Then & Now: Computers on Campus
- Few students had their own computers. To work at a computer, students had to go to the “computer terminals.” These were placed throughout the library and in academic buildings.
- During exam periods computer terminals were open twenty-four hours per day.
- Textbooks were still a large part of the academic experience and were carried by most students.
- All notes were taken with the standard pen-to-paper method.
- Most computer rooms in dorms were equipped with dot-matrix printers.
- The ResNet project—which gave students access to email, the Internet, and cable TV in their dorm rooms—was launched until 1997.
- Most students own personal computers, and many have a laptop or tablet at the ready.
- Computers are used for everything from taking notes in class to researching a course assignment to streaming television shows and movies during study breaks.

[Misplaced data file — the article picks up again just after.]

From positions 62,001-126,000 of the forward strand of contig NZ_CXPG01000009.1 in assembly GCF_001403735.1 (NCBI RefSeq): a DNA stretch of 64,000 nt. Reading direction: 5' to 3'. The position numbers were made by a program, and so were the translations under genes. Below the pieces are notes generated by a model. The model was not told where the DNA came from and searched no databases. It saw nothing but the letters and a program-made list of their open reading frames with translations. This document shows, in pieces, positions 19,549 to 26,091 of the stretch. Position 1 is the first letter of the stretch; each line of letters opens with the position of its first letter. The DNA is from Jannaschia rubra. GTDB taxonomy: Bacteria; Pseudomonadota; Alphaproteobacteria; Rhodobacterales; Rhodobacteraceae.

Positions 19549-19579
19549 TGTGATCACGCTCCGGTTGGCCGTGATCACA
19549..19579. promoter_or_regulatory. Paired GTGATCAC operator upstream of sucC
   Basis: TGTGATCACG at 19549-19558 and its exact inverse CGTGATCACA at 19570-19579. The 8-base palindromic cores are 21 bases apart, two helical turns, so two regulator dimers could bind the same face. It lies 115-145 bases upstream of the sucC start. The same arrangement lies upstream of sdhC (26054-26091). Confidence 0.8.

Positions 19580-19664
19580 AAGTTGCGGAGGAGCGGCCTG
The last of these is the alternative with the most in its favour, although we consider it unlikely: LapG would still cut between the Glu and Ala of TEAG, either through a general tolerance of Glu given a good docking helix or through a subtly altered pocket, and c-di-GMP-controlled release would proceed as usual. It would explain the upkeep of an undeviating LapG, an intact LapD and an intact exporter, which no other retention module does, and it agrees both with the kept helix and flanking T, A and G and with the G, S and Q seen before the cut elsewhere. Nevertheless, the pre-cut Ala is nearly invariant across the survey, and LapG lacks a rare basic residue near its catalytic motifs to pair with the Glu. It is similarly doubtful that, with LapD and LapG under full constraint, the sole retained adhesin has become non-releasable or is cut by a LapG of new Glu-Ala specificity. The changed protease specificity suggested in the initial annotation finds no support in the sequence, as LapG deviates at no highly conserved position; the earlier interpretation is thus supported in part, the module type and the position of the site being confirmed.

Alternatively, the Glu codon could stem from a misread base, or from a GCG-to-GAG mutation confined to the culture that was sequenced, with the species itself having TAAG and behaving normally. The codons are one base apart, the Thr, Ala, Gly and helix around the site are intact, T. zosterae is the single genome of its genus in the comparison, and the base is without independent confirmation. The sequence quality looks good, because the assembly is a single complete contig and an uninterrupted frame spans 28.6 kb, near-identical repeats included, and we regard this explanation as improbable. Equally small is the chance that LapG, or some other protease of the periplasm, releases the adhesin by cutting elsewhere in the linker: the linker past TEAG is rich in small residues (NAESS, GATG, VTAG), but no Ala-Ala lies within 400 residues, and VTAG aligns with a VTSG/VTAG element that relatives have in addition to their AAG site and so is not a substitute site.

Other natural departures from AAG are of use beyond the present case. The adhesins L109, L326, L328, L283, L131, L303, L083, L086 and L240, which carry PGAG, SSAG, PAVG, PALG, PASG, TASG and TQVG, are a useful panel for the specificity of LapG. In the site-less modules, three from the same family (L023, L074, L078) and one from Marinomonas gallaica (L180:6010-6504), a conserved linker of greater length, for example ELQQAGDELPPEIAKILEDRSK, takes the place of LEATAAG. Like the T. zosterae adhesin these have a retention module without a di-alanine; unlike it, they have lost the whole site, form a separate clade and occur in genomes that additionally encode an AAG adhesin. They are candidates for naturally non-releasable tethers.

- Instead of having to print out assigned readings for classes, at the click of a button a document
can appear on the screen, where notes can be taken within the margins of the text.
- Students have the option of trading their heavy textbooks for e-books.
- Students (and faculty and staff) may borrow computers and other technology items through LITS for up to three hours.
- Residence halls and many academic buildings are equipped with computer rooms, and laser printers are stationed in buildings across campus.
—By Amy Yoelin ’18
—1985 photo courtesy of Archives & Special Collections / 2016 photo of Leah Greenhaus ’19 by Meredith Heuer
This article appeared in the summer 2016 issue of the Alumnae Quarterly.
July 15, 2016